When Do We See Resilience: The Effects of Parent's History of Maltreatment on Parenting Behaviors and Children's Adjustment
Riser, Diana Katherine
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Prior research has suggested that children are at a greater risk of maladjustment in cases where a parent has experienced childhood maltreatment. The purpose of this study is to explore the role of parent's childhood maltreatment in its effects on parenting behavior, parent characteristics, and child adjustment. The multiple pathways through which parent's childhood maltreatment can be both directly and indirectly linked to child maladjustment were explored. Further, risk and protective factors, such as early age of becoming a parent or high parent education, which may play a role were examined as both potential moderators and mediators of the relation between parent's childhood maltreatment and children's maladjustment. Overall, several of the hypothesized pathways were supported. In particular, parent depression and parent's socio-demographic factors were found to act as mediators and moderators of the relations between parent's childhood maltreatment and child maladjustment. There was lesser evidence of child maltreatment behaviors and parenting behaviors mediating or moderating the relations between parent's childhood maltreatment and child maladjustment. Recommendations for future research directions as well as directions for intervention and prevention efforts for at-risk families and children will be suggested.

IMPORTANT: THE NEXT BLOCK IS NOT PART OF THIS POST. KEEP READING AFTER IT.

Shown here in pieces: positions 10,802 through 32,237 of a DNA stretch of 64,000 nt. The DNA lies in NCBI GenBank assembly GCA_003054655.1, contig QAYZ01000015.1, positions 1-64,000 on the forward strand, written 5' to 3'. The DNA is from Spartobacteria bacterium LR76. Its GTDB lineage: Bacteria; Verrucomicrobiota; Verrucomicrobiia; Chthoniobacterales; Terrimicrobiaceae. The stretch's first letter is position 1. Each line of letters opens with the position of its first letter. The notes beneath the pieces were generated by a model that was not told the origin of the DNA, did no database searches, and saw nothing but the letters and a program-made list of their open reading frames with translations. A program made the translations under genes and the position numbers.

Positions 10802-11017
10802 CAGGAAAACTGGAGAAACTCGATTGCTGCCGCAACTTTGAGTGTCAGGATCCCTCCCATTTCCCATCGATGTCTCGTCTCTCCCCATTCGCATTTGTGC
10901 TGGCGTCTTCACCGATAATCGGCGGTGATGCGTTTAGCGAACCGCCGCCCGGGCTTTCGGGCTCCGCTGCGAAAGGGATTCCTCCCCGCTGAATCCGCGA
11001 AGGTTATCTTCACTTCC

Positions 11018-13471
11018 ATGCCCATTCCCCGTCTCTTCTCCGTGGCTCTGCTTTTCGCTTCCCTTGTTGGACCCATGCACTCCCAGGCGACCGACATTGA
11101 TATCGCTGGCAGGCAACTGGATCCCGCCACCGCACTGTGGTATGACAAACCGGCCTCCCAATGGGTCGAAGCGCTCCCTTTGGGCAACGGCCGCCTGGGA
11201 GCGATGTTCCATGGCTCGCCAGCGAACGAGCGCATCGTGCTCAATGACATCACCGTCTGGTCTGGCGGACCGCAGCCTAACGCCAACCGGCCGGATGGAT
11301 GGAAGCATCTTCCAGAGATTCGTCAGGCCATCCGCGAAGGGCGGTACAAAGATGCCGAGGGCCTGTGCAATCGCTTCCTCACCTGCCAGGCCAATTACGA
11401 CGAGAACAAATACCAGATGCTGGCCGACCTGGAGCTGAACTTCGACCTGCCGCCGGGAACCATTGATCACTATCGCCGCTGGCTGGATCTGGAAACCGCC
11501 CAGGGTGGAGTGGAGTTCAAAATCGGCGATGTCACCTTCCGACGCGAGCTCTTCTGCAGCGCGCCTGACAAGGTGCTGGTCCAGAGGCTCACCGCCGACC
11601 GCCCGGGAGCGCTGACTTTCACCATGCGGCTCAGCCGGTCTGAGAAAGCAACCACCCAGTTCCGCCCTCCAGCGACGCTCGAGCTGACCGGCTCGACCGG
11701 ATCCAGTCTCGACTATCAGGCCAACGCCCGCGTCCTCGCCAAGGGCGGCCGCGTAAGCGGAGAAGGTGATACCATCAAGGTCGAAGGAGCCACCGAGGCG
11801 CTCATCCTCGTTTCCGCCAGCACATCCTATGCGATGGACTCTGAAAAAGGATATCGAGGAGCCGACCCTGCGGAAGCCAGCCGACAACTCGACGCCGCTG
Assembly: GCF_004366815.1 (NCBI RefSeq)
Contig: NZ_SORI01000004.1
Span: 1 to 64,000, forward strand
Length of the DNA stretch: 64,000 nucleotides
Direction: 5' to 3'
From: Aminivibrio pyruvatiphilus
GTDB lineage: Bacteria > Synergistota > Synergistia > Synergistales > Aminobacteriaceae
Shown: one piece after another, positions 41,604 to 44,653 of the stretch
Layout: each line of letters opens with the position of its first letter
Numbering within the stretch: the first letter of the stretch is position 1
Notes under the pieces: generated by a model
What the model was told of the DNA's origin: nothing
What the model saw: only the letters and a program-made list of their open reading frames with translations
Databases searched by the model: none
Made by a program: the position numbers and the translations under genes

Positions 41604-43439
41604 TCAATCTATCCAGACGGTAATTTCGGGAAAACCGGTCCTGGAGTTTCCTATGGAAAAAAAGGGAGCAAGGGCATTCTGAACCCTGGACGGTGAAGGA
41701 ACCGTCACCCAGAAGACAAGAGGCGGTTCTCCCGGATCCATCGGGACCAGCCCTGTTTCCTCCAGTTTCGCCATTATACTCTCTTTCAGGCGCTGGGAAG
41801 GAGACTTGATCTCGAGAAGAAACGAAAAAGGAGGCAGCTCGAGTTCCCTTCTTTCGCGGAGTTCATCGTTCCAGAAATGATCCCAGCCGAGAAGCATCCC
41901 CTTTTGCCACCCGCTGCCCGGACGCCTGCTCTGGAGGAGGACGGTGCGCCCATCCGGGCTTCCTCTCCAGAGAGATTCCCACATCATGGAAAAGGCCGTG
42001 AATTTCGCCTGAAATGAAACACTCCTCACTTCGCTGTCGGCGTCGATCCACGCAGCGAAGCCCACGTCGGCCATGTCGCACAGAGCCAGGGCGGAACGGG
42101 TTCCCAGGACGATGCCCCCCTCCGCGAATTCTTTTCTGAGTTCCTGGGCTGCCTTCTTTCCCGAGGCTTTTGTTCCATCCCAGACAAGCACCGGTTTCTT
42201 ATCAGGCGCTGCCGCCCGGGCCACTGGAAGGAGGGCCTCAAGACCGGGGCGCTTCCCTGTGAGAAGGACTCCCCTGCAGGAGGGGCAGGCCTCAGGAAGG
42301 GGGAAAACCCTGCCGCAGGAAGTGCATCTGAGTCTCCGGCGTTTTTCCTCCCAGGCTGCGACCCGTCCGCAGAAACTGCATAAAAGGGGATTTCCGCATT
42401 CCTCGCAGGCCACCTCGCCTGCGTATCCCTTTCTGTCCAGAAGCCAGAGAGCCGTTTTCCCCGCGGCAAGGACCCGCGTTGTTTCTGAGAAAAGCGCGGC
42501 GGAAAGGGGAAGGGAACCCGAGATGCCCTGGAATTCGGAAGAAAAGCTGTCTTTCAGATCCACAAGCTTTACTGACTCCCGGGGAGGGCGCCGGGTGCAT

- Doctoral Dissertations